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Art Zoyd


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Art Zoyd Phase IV album cover
3.92 | 77 ratings | 6 reviews | 32% 5 stars

Excellent addition to any
prog rock music collection

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Studio Album, released in 1982

Songs / Tracks Listing

1. État D'Urgence (14:38)
2. Naufrage (6:41)
3. Dernière Danse (4:33)
4. Deux Préludes (2:05)
5. La Musique D'Erich Faes (Collective Improvisation) (0:14)
6. Et Avec Votre Esprit (5:14)
7. Ballade (4:03)
8. Chemins De Lumière (15:09)
9. Du Sang Sur La Neige (4:16)
10. Vue D'Un Manège (4:08)
11. La Nuit (13:00)
12. Les Larmes De Christina (3:44)

Total time 78:24

Line-up / Musicians

- Thierry Zaboitzeff / vocals, bass, cello, acoustic guitar
- Thierry Willems / Steinway piano, Yamaha electric piano
- Gérard Hourbette / violin, viola, piano, synth
- Didier Pietton / alto & tenor saxes, percussion
- Jean Pierre Soarez / trumpet, fluhelhorn, percussion

Releases information

Artwork: Thierry Legrand

2xLP Recommended Records - RR 14/15 (1982, UK)

Thanks to ProgLucky for the addition
and to Quinino for the last updates
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ART ZOYD Phase IV ratings distribution

(77 ratings)
Essential: a masterpiece of progressive rock music(32%)
Excellent addition to any prog rock music collection(50%)
Good, but non-essential (12%)
Collectors/fans only (4%)
Poor. Only for completionists (3%)

ART ZOYD Phase IV reviews

Showing all collaborators reviews and last reviews preview | Show all reviews/ratings

Collaborators/Experts Reviews

Review by Syzygy
SPECIAL COLLABORATOR Honorary Collaborator
4 stars Art Zoyd's fourth album remains their strongest offering to date, and also marks the end of their original RIO chamber rock sound. Shortly after this album they were joined by keyboard player Patricia Diallo, and elements of contemporary minimalism (Steve Reich, Philip Glass) were incorporated into their sound. The sound of this double album is generally closer to contemporary classical than to rock - there is no drum kit (although a lot of percussion can be heard in places) and the only element anchoring it to prog is Thierry Zaboitzeff's rumbling bass guitar. Despite this, the music has a real rhythmic drive (mostly propelled by the piano) and the multi instrumental abilities of the band mean that there is a varied sonic pallette which occasionally sounds like a full orchestra. There are also occasional outbursts of demented vocals that recall some of Magma's wilder moments.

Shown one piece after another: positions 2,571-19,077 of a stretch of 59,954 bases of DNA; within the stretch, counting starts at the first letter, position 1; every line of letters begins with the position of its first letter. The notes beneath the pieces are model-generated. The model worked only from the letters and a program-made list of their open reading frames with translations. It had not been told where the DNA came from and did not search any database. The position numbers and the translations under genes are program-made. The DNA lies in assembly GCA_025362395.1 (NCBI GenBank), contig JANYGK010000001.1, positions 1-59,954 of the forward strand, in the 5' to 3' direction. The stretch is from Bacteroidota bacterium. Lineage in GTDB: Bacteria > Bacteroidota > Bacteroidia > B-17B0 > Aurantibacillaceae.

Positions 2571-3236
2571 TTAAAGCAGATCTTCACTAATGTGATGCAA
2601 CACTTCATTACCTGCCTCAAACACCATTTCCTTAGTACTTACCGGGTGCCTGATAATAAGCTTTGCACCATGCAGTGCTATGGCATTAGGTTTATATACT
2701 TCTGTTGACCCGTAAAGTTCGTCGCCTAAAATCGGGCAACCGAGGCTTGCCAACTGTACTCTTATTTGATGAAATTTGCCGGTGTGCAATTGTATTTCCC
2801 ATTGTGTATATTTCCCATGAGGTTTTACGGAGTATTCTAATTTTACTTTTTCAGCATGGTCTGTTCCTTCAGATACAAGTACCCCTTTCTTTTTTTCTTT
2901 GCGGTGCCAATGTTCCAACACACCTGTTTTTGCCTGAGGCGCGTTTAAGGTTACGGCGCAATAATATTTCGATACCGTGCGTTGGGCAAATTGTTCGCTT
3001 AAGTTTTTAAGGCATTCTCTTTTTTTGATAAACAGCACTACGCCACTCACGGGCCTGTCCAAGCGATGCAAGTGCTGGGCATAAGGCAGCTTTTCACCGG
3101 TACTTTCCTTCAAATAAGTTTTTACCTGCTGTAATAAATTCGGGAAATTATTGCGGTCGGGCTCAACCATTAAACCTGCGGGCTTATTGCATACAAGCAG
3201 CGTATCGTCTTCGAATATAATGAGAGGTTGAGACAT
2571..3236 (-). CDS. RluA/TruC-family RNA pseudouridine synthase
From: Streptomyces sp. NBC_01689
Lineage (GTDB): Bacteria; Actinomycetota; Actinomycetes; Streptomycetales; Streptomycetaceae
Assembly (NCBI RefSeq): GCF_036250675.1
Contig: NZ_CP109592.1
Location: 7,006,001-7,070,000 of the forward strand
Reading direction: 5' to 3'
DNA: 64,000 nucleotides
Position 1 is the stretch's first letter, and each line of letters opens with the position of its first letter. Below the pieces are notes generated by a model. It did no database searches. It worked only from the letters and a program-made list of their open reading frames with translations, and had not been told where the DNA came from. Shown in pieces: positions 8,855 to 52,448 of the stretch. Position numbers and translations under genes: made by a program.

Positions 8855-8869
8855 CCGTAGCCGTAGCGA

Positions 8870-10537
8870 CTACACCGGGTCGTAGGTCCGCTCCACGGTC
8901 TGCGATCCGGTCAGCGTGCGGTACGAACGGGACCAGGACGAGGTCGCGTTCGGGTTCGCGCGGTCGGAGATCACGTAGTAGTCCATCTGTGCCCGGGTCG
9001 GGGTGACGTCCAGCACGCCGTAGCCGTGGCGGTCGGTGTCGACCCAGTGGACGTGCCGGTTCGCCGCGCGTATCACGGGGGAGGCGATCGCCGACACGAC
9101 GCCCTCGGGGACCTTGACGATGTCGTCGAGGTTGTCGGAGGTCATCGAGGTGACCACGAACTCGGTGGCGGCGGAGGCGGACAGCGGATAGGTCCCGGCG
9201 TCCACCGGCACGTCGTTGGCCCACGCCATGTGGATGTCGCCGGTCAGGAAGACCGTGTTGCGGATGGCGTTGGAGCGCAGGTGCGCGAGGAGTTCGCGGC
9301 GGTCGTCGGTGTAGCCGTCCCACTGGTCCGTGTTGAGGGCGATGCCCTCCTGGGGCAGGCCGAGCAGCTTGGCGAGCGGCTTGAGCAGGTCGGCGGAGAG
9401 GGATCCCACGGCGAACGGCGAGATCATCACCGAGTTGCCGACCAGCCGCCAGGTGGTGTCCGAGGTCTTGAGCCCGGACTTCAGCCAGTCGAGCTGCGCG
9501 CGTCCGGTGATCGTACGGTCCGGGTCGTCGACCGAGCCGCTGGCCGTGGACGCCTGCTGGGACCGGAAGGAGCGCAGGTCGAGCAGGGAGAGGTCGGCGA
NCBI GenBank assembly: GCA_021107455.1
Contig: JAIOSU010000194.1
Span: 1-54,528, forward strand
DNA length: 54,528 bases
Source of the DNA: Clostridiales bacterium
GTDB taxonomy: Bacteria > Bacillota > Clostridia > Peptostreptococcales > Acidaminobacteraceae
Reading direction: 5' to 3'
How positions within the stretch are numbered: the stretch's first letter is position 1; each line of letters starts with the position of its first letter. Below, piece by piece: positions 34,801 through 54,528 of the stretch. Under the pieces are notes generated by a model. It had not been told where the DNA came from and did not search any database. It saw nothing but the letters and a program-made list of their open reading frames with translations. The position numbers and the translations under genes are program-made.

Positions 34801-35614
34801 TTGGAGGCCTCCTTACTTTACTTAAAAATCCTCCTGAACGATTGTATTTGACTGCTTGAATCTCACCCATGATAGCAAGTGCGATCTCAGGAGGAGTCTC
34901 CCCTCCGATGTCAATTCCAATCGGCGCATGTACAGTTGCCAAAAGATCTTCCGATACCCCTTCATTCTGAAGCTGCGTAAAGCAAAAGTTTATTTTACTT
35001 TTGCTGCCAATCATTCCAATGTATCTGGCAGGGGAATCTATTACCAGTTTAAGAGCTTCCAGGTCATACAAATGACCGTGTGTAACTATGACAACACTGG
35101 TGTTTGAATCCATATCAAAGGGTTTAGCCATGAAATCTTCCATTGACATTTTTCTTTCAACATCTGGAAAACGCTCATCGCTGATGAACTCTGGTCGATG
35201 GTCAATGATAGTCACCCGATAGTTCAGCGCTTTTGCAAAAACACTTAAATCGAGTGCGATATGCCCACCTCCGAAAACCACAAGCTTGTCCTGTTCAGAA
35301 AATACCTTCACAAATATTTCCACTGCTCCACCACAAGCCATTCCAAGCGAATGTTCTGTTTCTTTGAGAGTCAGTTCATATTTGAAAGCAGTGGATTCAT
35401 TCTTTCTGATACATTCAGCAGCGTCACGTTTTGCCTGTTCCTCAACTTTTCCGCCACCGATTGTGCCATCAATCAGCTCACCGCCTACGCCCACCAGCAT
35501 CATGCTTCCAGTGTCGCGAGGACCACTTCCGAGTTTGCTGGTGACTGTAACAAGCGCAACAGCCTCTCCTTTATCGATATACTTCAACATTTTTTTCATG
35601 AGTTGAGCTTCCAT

For all their formidable abilities as instrumentalists and composers, Art Zoyd's music has always been just a bit too cold and intellectual to fully engage the listener - many of their pieces were conceived as soundtracks to multimedia events or installations, and taken out of context can seem a little lifeless. The music is also very carefully scored most of the time, but with none of the space for improvisation or interpretation that was usually left by perfectionists like Frank Zappa and Christian Vander.

Leaving those reservations aside, it's hard to think of any other band who have patrolled the border between contemporary avant garde and rock music in such a determined and single minded fashion. The fact that they have continued to explore this singular musical territory for over 30 years is even more impressive. Recommended for those times when you want something to engage the intellect and by pass the feet altogether.

Review by greenback
SPECIAL COLLABORATOR Honorary Collaborator
3 stars This progressive Rock In Opposition "RIO" album is good although the 100% instrumental tracks are quite cold, not accessible at all, VERY dramatic and full of lengthy bits. The music uses an excellent and balanced combination of strings and horns arrangements. The comparison with Univers Zero and Frank Zappa around the Orchestral Favorites album is valuable. However, Art Zoyd here constantly produce a palpable climate of tension and unease in their music: the tracks often sound like a film music, and some parts flirt with minimalism like on the "Naufrage" track: they could have been made shorter; also Art Zoyd here are much less symphonic, melodic and rhythmically sustained than Zappa and Univers Zero. The omnipresent trumpet sometimes sounds Latin and sometimes has the Mark Isham's style. The omnipresent electric piano a la Tony Banks circa the And Then There Were Three album gives a too artificial dimension to this very acoustic album: they should have played an acoustic piano. On "État d'urgence", there is a Magma-esque passage. I like the calming and secure air change a la Ekseption in the "Dernière danse" track. "La musique d'Erich Faes" is an irrelevant 13 seconds random violin rub that must be skipped. I much more prefer the more rhythmically sustained and structured tracks like "Ballad" and "Dernière danse". This music will definitely amplify your worries.

rating: 3.5 stars

Review by Sean Trane
4 stars This fourth album is a double vinyl and might just be the cornerstone of AZ's career. Obviously named after its chronological order, this album is reversing the trend that was letting Zaboitzeff becoming an equal partner in composition time, with Hourbette taking the lion's share here. Most notably line-up change is Thierry Willems replacing Patricia Dallio on piano. The percussion are handled by the wind players Soarez and Pietton, and for the first time in two records, no guest from Univers Zero.